My Father, Alfred William Ruffle, part two.

 

My Father wrote about a number of characters from Dagger lane, and most were renowned for one thing or another. The era he writes about is the early to mid 1920’s.
There was Masher Hedgecock, who would dispose of your unwanted animals for sixpence. He would take them to thesea wall, along with his shotgun………no vets or RSPCA in those days!
Claudy Clayton would kill and dress chickens, and prepare them for your pot.
Mr Wordward the mat repairer, who could be seen most days outside of one shop or another in town, repairing the big mats.
Mr Mills was the local baker, he made biscuits so hard it was impossible to break them with your teeth! They were of course, Seamen’s biscuits, and mostly bought by the fishermen, for a farthing.
Mr Grimwade ran the shop my Pa said was an “Alladin’s cave”, a general store that sold everything, and where a slate could be obtained. They sold food, clothes, cigarettes, firewood, sweets, everything you could think of. No health regulations in those days, the parafin was kept under the cheese and butter counter, second hand clothes next to the bread shelf, together with second hand shoes! The only thing that wasn’t kept and sold in the shop was coal, which was sold from the back of the shop by a man called Darkie, who Dad said was always black with coal dust.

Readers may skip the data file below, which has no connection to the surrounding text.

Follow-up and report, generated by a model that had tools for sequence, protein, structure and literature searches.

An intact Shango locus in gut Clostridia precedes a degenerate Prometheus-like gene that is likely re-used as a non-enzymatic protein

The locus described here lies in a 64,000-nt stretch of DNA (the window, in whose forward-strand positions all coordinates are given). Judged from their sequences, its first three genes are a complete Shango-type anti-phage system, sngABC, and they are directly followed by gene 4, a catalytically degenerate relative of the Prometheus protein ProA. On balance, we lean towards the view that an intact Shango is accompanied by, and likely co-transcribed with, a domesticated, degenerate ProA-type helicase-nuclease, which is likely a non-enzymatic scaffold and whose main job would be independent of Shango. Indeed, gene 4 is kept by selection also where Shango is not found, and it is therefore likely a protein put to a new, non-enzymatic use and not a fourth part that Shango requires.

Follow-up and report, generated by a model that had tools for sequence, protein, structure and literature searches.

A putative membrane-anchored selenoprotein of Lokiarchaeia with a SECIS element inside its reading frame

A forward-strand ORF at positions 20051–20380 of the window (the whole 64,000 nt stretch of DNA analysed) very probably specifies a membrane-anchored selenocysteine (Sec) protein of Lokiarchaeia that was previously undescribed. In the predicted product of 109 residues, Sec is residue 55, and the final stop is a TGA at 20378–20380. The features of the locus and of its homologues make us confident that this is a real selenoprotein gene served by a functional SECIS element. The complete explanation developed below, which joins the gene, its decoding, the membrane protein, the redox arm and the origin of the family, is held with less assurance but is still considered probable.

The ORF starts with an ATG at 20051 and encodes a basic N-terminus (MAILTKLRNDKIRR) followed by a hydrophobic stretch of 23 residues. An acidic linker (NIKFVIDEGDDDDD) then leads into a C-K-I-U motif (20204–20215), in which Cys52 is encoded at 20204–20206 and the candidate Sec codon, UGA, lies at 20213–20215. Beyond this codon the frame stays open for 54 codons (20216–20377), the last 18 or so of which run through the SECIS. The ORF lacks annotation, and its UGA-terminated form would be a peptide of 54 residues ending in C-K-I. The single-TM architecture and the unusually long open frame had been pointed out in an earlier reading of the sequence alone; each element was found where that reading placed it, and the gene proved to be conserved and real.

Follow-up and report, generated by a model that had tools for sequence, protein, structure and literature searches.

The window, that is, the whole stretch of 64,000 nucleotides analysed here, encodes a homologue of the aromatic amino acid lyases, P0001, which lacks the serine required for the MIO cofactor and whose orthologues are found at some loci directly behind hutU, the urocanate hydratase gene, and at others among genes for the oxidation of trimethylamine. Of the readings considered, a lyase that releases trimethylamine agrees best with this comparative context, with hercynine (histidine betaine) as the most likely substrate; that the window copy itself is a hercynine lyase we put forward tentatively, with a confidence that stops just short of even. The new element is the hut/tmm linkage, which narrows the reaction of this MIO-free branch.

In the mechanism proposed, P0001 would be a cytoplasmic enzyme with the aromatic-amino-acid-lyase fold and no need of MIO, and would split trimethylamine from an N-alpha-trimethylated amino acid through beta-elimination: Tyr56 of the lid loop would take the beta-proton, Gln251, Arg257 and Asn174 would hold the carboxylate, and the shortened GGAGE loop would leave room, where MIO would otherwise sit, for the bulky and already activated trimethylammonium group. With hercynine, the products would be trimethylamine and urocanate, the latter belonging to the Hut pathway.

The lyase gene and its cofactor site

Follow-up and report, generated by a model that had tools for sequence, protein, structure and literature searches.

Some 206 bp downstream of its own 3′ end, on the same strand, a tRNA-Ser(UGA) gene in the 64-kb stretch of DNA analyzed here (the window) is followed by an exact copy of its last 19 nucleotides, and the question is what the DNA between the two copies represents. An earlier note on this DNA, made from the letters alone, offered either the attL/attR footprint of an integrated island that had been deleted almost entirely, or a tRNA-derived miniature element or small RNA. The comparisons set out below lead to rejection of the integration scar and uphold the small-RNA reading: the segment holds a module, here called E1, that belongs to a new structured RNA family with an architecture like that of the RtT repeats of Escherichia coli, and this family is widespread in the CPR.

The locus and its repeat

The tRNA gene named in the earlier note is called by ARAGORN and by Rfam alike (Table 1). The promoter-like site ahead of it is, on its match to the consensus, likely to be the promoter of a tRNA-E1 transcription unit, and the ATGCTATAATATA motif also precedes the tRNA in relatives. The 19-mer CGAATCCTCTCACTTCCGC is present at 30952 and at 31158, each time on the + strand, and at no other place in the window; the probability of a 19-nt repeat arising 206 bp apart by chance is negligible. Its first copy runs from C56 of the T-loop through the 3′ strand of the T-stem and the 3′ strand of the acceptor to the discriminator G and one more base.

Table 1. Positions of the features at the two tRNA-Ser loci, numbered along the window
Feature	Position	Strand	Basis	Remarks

The Castle (600 x 299)

The Grimwades also had a guest house and pub, the Castle. The cellar of the guest house was apparently a flophouse in late Victorian times, where a length of sturdy rope was tied between opposite walls. When people got very drunk and passed out, they were slung over the rope, hanging by their armpits.  When morning came, the rope was unceremoniously cut and the hapless, no doubt very hungover individuals “flopped” to the floor!

Dad also talked about, though sadly never witnessed, a dancing bear, which was owned by a travelling entertainer who passed through and stayed in Maldon for a couple of months. My Pa’s Dad told him that the bear was kept in the cellar at Grimwades whilst his owner was in town. Try and visualise a rude awakening on the floor of the flophouse only to be greeted by the sight of a large dancing bear? I can imagine some swearing sobriety from there on in!

Across from Grimwades was Mr Sisson, he made all manner of things from cane. He had a wooden leg, a memento from the Great War. He also made kites, but Pa could never get one to fly!
Taylors, the sail makers was the place were my Pa bought his “rope soled paddlers”, deck type shoes I assume, made from rope.
Every Friday night, Mr Grainger sold cheap windfall apples from the Downs road, sixpence a peck(16 dry pints or 9 litres).
He owned most of the houses in Downs road at that time.
Mr Farr was the local cobbler, and ironically he had a club foot! He eventually succumbed to “Religious Mania”!
Rocky Markham the rock man, who demonstrated rock making at the fair ground, which was situated behind the Ship and Anchor pub.